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Bombings Shake Kirkuk

Officials blame al-Qaeda for attacks that leave dozens dead and injured.
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Security and government officials believe al-Qaeda loyalists set off a series of car bombs in the northern city of Kirkuk this week as revenge for the killing of their leader.



Two car bombs targeted local police officials, two hit president Jalal Talabani's Patriotic Union of Kurdistan offices in Kirkuk and two roadside bombs killed 17 people and injured about 52 on June 13, according to a Kirkuk police source who spoke on condition of anonymity. Guards also shot a man believed to be a suicide bomber in a car when he tried to attack the same PUK office.



On the morning of June 14, another car bomb exploded in the al-Mas neighbourhood in Kirkuk, where emergency police and a PUK guesthouse are based but no one was killed or injured, according to a police source. The PUK called the attackers terrorists but otherwise did not comment on the attacks.



Officials believe that the attacks were reactions to the killing of Abu Musa'ab al-Zarqawi, head of al-Qaeda network in Iraq, last week. They said the group was trying to send a message that they are still powerful and active even though they lost their leader.



Kirkuk, an oil-rich city 255 kilometres north of the capital, is among the most ethnically and religiously diverse places in Iraq and has experienced a period of relative calm over the last few months. The attacks came as Prime Minister Nuri al-Maliki announced tougher measures to strengthen security in Baghdad.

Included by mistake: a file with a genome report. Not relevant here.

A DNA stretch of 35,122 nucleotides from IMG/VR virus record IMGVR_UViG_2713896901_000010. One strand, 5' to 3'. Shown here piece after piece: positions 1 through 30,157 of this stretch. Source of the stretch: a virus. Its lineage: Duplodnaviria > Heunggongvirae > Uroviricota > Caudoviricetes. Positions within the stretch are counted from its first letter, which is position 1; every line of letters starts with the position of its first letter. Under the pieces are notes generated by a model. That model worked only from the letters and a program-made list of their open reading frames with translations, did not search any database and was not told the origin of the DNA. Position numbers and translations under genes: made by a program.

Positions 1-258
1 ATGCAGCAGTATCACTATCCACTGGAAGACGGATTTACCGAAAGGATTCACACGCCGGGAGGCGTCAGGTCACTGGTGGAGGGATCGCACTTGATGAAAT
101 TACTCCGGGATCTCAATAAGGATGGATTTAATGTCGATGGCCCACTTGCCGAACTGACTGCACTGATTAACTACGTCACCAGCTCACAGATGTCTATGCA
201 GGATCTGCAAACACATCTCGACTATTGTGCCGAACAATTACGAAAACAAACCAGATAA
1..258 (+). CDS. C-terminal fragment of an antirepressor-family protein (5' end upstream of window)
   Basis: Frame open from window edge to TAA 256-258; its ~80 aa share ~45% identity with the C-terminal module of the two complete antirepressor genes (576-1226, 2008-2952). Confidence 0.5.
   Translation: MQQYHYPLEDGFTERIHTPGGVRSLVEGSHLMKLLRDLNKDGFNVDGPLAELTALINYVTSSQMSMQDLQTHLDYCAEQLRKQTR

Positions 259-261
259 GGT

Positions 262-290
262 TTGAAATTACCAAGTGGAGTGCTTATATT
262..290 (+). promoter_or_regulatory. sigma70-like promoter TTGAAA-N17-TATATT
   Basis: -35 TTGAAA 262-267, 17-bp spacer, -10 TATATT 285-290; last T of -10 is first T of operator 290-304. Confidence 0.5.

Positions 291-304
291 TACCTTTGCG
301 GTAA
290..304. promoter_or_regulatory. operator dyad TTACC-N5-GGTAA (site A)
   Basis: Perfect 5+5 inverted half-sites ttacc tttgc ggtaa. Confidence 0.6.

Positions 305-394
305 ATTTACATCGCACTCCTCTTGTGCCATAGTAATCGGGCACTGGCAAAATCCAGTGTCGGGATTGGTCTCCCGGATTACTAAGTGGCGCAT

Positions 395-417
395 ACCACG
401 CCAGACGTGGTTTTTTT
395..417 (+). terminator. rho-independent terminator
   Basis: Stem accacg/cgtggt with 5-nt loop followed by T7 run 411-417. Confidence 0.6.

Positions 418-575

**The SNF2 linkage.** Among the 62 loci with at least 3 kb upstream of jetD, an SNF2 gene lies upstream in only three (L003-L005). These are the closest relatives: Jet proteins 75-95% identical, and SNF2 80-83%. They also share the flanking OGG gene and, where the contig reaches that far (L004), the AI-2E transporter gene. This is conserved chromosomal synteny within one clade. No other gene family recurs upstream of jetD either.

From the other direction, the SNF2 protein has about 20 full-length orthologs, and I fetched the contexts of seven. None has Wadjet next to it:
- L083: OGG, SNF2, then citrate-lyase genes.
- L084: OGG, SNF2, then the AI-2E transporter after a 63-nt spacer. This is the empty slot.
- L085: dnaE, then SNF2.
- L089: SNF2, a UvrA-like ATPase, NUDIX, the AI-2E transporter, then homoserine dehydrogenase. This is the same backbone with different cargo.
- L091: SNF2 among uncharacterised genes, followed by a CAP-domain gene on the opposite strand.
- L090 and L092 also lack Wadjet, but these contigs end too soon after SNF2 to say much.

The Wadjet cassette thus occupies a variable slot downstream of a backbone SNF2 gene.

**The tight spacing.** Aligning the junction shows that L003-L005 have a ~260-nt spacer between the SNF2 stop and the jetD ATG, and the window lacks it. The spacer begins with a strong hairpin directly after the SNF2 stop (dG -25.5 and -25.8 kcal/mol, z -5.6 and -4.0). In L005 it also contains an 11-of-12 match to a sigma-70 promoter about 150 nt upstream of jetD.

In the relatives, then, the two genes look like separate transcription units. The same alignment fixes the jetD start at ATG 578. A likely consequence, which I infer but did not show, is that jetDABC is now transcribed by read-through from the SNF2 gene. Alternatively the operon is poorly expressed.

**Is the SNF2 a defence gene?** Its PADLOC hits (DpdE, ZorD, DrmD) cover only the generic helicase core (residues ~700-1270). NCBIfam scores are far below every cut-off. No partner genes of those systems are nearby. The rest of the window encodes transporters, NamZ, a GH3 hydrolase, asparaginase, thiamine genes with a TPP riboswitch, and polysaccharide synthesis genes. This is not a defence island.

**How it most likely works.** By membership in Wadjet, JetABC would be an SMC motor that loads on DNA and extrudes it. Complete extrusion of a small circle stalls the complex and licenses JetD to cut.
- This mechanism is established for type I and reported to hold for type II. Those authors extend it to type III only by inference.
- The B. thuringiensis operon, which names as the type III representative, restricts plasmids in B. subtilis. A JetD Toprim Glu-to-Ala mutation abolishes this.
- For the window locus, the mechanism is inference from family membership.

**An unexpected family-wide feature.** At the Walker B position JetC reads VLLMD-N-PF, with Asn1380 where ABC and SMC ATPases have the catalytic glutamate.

"The al-Qaeda organisation [in Iraq] is behind these operations," said general Sherko Shakir, commander of Kirkuk's police forces, referring to the explosions, in a press conference at the Kirkuk police directorate.



He said police had shut down all entrances to the town to prevent further attacks but also said police expected more attacks "because Kirkuk is one of the safer cities in Iraq, and al-Qaeda's goal is to undermine security in stable areas in response to Zarqawi's murder".



The emergency room in Kirkuk hospital was flooded with victims from the bombings, and some said they feared that the hospital itself would be attacked.



A hospital source said that some of those injured died because the hospitals in Kirkuk don't have enough blood, despite a media appeal for donors.



"Our hospitals don't have enough blood when we need it," said the source, who also spoke on condition of anonymity. "The crisis deepens when large-scale attacks take place and we have to help many victims."



Samah Samad is an IWPR trainee in Iraq.

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